On Thursday, United Nations Ambassador Nikki Haley told NBC’s Matt Lauer that the U.S. “should never trust Russia,” and she believes the recent Russian cyberattacks by should be taken seriously. Haley’s comments take a tougher stance than that of President Trump, who’s remained resistant when questions are raised about Vladimir Putin’s country, even after U.S. intel confirmed that Russian hackers were behind 2016 election interference and the Yahoo hack.
Haley went on to explain that she’s always been wary of Russia and even said so during her confirmation hearing. Whereas Trump has consistently expressed hope that he and Putin can have a productive relationship, Haley said the U.S. should “take [cyberattacks] seriously. We cannot trust Russia. We should never trust Russia.” Additionally, she said once investigations have concluded, the U.S. should take action if it’s deemed necessary.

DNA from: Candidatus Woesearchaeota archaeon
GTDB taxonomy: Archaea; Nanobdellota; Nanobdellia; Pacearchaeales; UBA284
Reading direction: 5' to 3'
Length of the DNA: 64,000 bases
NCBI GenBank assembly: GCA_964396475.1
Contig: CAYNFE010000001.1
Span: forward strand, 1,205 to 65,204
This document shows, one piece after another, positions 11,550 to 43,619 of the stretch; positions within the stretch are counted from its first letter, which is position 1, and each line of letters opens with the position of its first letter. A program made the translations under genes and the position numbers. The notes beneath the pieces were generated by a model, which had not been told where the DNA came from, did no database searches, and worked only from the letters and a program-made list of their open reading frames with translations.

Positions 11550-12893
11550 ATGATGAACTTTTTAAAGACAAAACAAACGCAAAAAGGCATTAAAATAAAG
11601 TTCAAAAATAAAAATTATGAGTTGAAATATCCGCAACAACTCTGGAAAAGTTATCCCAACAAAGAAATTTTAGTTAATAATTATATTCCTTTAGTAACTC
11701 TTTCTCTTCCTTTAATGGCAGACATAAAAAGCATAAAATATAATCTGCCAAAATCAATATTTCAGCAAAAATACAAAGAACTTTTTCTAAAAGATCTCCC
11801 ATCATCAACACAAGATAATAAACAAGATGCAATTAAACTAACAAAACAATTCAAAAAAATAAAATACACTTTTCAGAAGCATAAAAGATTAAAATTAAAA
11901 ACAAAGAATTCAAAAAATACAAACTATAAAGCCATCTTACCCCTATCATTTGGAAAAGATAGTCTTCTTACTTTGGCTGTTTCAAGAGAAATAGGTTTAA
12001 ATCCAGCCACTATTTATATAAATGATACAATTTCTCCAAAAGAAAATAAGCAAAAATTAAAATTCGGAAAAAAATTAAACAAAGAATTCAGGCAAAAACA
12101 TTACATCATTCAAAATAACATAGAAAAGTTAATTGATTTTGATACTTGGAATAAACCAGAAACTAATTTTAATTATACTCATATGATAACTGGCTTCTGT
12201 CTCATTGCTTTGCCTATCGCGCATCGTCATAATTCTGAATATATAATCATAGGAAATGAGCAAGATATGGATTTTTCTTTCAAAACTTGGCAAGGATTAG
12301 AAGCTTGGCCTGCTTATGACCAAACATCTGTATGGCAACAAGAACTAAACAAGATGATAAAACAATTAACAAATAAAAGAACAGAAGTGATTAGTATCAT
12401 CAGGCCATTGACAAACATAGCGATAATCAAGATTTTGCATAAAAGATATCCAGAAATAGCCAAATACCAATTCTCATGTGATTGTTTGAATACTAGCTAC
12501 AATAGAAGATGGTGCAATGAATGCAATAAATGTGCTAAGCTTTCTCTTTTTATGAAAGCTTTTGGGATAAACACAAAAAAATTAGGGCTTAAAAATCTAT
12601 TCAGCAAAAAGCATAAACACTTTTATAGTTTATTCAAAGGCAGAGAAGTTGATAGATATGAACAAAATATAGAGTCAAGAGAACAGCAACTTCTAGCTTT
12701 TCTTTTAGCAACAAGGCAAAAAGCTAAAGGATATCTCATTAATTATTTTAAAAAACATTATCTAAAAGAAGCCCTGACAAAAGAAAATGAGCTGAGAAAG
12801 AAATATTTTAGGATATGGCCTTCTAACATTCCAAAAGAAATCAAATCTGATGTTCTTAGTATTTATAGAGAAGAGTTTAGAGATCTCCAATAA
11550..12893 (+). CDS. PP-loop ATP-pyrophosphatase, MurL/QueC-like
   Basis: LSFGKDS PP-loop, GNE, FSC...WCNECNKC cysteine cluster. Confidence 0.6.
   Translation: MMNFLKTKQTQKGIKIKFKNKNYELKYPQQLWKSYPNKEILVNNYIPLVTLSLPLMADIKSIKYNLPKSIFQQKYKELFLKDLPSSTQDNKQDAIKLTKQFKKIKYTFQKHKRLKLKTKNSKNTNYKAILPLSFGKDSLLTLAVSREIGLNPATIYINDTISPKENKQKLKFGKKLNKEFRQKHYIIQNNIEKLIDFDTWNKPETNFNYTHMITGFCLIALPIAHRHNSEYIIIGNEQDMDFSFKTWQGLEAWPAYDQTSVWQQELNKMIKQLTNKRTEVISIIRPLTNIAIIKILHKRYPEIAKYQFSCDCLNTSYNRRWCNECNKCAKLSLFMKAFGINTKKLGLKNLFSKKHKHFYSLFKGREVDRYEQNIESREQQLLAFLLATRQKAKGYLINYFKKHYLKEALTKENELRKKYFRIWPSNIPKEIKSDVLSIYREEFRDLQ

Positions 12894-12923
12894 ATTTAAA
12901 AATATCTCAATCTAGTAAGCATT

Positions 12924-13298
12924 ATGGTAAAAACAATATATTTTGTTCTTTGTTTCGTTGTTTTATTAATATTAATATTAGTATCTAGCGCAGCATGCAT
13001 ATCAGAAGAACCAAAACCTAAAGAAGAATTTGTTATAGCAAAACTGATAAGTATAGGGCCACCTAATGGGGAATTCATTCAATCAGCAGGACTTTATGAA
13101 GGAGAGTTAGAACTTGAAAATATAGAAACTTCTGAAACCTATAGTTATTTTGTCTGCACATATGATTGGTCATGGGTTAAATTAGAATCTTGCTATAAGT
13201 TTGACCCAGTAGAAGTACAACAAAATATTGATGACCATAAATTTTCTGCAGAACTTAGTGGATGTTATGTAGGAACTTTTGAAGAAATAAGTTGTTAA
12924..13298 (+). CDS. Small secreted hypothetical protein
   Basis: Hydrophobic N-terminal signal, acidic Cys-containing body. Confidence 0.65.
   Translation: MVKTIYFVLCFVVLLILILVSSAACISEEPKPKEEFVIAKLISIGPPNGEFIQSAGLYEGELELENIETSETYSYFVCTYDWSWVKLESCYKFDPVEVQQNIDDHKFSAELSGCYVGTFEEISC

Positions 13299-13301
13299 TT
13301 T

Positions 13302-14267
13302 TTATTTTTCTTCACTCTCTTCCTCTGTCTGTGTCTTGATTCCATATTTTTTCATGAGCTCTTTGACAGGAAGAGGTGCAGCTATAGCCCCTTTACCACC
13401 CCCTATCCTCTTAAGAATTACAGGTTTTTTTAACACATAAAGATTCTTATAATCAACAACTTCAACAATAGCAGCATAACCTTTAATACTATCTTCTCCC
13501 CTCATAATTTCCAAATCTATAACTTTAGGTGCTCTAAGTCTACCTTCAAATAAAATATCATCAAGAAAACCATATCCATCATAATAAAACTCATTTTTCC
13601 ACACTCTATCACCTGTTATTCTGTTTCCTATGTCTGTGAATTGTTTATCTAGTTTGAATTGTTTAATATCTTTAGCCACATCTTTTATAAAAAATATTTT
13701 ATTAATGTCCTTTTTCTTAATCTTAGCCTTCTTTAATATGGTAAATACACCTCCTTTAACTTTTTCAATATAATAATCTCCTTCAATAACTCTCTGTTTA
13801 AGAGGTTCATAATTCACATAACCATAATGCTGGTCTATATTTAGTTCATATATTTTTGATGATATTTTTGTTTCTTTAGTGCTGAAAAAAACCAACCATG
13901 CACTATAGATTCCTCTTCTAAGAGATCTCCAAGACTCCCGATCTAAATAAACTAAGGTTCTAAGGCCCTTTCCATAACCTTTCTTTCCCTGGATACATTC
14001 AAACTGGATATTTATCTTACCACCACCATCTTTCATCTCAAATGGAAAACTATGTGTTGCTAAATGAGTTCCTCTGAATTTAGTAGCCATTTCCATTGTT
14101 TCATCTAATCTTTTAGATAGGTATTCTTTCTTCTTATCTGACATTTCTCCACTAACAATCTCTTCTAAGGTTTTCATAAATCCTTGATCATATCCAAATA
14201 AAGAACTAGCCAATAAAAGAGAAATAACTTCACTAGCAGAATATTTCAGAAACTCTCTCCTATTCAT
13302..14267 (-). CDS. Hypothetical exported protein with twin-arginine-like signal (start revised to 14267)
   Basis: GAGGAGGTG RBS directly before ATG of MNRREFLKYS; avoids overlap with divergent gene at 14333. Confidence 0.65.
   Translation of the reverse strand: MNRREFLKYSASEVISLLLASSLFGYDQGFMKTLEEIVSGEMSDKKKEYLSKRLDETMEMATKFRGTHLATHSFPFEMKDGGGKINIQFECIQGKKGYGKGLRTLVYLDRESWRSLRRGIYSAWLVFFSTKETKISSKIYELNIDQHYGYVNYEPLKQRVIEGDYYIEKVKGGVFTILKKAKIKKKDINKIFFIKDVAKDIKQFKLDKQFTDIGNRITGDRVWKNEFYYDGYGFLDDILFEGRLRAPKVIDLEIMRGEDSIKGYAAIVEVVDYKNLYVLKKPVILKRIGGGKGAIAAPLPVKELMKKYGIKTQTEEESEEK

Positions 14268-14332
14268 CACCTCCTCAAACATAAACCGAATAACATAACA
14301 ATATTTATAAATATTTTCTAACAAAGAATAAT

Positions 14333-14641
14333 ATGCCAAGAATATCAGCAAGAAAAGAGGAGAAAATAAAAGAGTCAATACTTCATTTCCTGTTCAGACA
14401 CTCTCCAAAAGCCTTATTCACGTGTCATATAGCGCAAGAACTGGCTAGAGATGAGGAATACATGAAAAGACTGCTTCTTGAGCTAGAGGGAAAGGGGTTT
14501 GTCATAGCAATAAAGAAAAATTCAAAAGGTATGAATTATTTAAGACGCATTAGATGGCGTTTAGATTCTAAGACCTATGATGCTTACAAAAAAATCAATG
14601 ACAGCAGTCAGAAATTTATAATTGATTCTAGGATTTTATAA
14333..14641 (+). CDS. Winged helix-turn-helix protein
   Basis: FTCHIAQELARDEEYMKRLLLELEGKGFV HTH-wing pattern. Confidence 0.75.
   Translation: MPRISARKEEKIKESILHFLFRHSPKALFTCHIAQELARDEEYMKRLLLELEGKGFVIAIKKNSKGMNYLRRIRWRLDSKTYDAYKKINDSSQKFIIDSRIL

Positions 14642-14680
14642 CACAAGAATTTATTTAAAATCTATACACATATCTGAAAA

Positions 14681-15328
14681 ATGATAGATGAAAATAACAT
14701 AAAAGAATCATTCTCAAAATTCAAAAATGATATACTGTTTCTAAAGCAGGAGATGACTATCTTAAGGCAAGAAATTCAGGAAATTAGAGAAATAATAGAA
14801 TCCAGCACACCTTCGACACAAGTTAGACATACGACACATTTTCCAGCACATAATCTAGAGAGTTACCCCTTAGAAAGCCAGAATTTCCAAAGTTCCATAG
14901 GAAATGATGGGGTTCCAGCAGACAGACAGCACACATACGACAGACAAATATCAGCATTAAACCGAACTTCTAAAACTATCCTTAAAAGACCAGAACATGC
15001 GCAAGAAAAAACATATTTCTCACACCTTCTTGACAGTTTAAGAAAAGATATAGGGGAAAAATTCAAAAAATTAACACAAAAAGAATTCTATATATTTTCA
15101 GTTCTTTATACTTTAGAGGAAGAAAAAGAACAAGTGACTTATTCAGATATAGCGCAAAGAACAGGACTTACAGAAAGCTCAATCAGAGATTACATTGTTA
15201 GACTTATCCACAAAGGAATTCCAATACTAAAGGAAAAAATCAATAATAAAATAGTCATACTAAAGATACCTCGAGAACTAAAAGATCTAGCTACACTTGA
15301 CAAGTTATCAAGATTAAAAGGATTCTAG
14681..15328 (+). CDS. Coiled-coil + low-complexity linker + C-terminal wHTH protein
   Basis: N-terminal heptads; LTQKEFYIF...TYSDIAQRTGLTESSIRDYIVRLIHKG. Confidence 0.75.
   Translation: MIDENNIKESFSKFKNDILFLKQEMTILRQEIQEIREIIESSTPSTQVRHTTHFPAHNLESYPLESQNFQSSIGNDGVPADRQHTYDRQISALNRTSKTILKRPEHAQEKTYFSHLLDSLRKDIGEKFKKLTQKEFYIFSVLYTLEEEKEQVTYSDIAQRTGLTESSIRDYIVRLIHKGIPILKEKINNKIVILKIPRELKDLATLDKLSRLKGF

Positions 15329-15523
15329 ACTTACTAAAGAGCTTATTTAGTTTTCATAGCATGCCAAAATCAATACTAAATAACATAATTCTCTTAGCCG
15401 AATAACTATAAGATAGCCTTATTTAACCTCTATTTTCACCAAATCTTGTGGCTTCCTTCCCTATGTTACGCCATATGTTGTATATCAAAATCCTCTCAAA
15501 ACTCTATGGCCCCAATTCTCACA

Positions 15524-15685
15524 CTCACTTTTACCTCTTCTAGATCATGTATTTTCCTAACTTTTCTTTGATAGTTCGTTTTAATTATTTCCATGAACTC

When pushed by Lauer over whether she’s on the same page as Trump, Haley said she couldn’t speak on his behalf. However, she called Trump “very open-minded about working with everyone” and didn’t question his associates’ ties with Russia:
“I really don’t, and I’ll tell you why: Because I’ve talked to him about it. And while they know of people, you’ve got to look at the fact that ambassadors’ jobs are to talk to everyone. That’s what I think we’ve seen the Russian ambassador do. At the same time, not once has he told me not to slam Russia. He’s not once told me, ‘Go and be nice to Russia.’ He’s letting me do my job.”
Haley’s comments, along with Secretary of State Rex Tillerson’s remarks about North Korean diplomatic relations on Thursday, at least show that Trump’s associates are taking an old-fashioned, less Twitter-based approach to tackling issues.